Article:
Ranchland Conversion
        Rangeland Conservation
             Presented by James Honey,
                 Sustainable No...
“Ranchland” Defined

 Landscape being managed primarily
 for raising grazing livestock such as
 cattle or sheep for the pr...
Questions for Consideration
• What is the state of ranching in the West?
• What is happening to Western ranchlands?
• Who ...
Taking Stock
• The Interior West is about 640
  million acres.
• Nearly 109 million acres are
  private ranchland.
• 300 m...
Taking Stock
• Approx. 85% of the Interior West’s
  public lands are grazed for ranching.
• There are 3.2 million cattle r...
What’s Happening to
Western Ranchlands?
• Difficult economics
• Land conversion
In the past 30 years,
       the population of
      13 Western states
 has risen by more than 47%.

That’s twice the grow...
Economics of Ranching in the U.S.
• 80% of cattle is processed by four companies.
• 15% of feedlots feed 70% of cattle.
• ...
“Ranching is not efficient nor
competitive; the rancher is not a
   rational economic actor.”
Conversion of U.S. Ranchlands
• Ranches change hands all the time,
  they always have.
• Over the past decade there’s been...
“You either have to be
     rich or crazy to buy land
if you aren’t going to develop it.”
Who are today’s
Western ranchers?
Traditional Western Ranchers
• Many are over 55 years old.
• Xxx
• Xxx
• Xxx
Many ranchers do not consider
profit to be the most important goal
     in terms of why they ranch.

     Tradition, value...
Demographic change
• Xxx
• Xxx
• Xxx
• Xxx
quot;Amenity-rich areas are growing and likely to grow more over the next decade.quot;
FROM AFT>>>
http://www.farmland.org/resources/rockymtn/documents/Strategic%20Ranchland%20in%20the%20Rocky%20Mountain%20Wes...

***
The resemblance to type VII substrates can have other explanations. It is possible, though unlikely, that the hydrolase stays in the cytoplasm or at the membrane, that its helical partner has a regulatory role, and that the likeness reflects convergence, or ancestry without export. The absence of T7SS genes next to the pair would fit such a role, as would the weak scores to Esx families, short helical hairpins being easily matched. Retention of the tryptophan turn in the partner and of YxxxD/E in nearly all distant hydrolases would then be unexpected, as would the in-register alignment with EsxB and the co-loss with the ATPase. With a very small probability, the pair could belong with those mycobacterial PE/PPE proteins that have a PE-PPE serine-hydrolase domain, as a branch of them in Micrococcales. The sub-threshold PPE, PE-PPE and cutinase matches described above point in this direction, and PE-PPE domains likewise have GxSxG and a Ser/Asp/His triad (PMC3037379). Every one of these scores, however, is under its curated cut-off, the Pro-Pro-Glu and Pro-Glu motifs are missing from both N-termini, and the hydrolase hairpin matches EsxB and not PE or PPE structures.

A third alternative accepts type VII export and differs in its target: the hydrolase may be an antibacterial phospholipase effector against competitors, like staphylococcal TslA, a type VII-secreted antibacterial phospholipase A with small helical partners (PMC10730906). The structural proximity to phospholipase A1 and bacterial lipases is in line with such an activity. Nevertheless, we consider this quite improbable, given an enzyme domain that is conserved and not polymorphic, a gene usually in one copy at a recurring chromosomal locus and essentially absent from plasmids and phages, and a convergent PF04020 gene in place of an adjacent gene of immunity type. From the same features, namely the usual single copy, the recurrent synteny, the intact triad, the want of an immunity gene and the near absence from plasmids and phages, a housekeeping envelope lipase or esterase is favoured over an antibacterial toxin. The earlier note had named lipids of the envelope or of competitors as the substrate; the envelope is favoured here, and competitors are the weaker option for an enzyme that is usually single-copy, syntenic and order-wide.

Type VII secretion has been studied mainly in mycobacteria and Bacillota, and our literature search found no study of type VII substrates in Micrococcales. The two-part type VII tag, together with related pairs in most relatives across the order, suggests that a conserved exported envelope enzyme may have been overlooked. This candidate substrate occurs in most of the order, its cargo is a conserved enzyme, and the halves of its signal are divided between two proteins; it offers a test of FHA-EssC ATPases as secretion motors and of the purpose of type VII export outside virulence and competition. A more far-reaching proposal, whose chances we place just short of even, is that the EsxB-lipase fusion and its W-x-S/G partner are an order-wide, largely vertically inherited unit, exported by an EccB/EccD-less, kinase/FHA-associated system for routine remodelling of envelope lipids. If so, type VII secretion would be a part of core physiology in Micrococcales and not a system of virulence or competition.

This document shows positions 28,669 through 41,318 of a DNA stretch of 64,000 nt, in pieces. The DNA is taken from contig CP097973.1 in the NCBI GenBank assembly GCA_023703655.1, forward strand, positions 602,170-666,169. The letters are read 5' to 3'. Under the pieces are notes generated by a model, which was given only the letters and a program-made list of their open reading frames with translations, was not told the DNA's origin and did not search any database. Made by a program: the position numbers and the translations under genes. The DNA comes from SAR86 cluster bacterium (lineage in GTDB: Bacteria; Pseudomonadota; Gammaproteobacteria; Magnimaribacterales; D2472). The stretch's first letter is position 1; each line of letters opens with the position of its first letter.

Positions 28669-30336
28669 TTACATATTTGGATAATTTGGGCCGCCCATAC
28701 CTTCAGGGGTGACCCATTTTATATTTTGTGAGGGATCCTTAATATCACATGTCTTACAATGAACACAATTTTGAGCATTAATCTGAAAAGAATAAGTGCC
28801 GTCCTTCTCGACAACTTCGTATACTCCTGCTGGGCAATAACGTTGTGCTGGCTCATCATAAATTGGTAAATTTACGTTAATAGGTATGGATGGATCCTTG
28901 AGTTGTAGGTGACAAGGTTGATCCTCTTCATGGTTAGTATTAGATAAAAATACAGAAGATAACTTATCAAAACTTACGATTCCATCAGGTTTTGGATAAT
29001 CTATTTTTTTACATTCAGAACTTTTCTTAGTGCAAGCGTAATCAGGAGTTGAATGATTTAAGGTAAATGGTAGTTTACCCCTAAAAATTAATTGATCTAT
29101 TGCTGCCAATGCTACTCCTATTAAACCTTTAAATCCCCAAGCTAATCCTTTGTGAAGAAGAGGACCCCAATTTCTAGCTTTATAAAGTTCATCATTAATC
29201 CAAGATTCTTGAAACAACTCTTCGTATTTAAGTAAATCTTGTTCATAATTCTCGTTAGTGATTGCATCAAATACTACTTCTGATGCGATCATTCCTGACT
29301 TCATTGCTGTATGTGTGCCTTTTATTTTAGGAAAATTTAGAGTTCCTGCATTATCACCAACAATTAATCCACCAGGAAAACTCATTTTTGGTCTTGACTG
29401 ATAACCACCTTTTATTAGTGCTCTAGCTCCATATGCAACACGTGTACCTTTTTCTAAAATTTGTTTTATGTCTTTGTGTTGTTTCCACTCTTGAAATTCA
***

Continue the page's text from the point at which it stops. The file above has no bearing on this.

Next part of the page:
Population and Land Growth in the Rocky Mountain West: 1960–1990.
Land consumption data for Arizona and Nevada were unavai...
•   JAMES:
•   Link to Tanaka piece: http://agecon.uwyo.edu/WAEA/WEForum/WEF-Vol.4-No.2-Fall2005.pdf

•   Also check this ...
Ranchland Conversion, Rangeland Conservation
Ranchland Conversion, Rangeland Conservation
Ranchland Conversion, Rangeland Conservation
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Ranchland Conversion, Rangeland Conservation

  1. 1. Ranchland Conversion Rangeland Conservation Presented by James Honey, Sustainable Northwest November 15th, 2007
  2. 2. “Ranchland” Defined Landscape being managed primarily for raising grazing livestock such as cattle or sheep for the production of meat, wool, leather, and other associated products.
  3. 3. Questions for Consideration • What is the state of ranching in the West? • What is happening to Western ranchlands? • Who are today’s Western ranchers? • Who will be “ranching” in the 21st century? • What do we want to do about it?
  4. 4. Taking Stock • The Interior West is about 640 million acres. • Nearly 109 million acres are private ranchland. • 300 million acres are public land.
  5. 5. Taking Stock • Approx. 85% of the Interior West’s public lands are grazed for ranching. • There are 3.2 million cattle raised annually in the Interior West, about 7% of the National total.